Jordan, not sure how close or far from authentic NP this texture is but it was very light, tender, and delicious.   My wfo was still semi hot from yesterday's bake so it didn't take long to heat up.   I meant to make a 6-8 hour tester dough but put too much idy and the dough was ready in 3 hours.   :-D   Anyways I had no choice but to bake these doughs up and I was very surprise by the result.  

Though the heat was very uneven, the floor too hot at 960F, and not enough flames rolling over the top, the pies still came out very good.  I rarely like my NP pies that I make, but these were good.  :D

I also tend to open my dough too much, so for these I purposely made them thicker than usual, which i do like.



A few crumb shots from the above pie and his friends.

« Last Edit: February 02, 2012, 07:26:32 AM by Jackie Tran »

Offline salvatoregianpaolo

  • Registered User
  • Posts: 124
Re: My Neapolitan Progress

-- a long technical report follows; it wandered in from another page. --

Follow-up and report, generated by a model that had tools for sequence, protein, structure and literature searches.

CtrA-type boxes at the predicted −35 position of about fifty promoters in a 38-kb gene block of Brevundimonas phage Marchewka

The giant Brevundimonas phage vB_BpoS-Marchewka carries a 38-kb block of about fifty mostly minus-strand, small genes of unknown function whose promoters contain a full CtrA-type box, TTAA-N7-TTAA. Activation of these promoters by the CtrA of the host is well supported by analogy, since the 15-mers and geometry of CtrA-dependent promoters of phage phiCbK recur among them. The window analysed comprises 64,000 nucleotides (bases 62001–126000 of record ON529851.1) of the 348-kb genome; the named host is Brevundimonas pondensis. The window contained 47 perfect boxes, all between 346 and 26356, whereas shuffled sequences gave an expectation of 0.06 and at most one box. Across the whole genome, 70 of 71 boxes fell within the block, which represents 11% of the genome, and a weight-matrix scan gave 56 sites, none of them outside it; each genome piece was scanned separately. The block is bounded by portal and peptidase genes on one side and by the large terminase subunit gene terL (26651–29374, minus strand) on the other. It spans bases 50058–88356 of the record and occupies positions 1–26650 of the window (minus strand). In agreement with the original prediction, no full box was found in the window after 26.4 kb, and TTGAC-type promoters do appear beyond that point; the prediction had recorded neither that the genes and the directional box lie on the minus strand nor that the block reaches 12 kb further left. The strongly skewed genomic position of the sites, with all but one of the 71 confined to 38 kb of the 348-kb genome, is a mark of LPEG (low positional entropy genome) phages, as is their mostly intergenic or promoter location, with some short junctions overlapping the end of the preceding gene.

« Reply #132 on: January 30, 2012, 11:26:07 AM »
Back in 2010 Marco (pizzanapoletana) said about the difference between Da Michele and Gino Sorbillo:

Peter

Peter,

I think this is a bit disingenuous, for surely a quick search of Marco's posts concerning Gino Sorbillo will also reveal it is one of his favorites, it is on his short-list of places to visit, and, along with a few others, in a league of its own.

Marco has also stated Gino Sorbillo tends to be dryer than Da Michele, but that was several years ago.  On the day I visited, I found quite the opposite. 

Grazie,
Salvatore

Offline Jordan

  • Registered User
  • Posts: 61
  • Location: New Jersey
  • The day I stop learning is the day I stop living..
    • My Facebook
Re: My Neapolitan Progress
« Reply #133 on: February 01, 2012, 12:35:20 AM »
Wow, absolutely incredible discussions going on here.

Ill try my best to scroll down the replies and add my 2 cents to anything I can.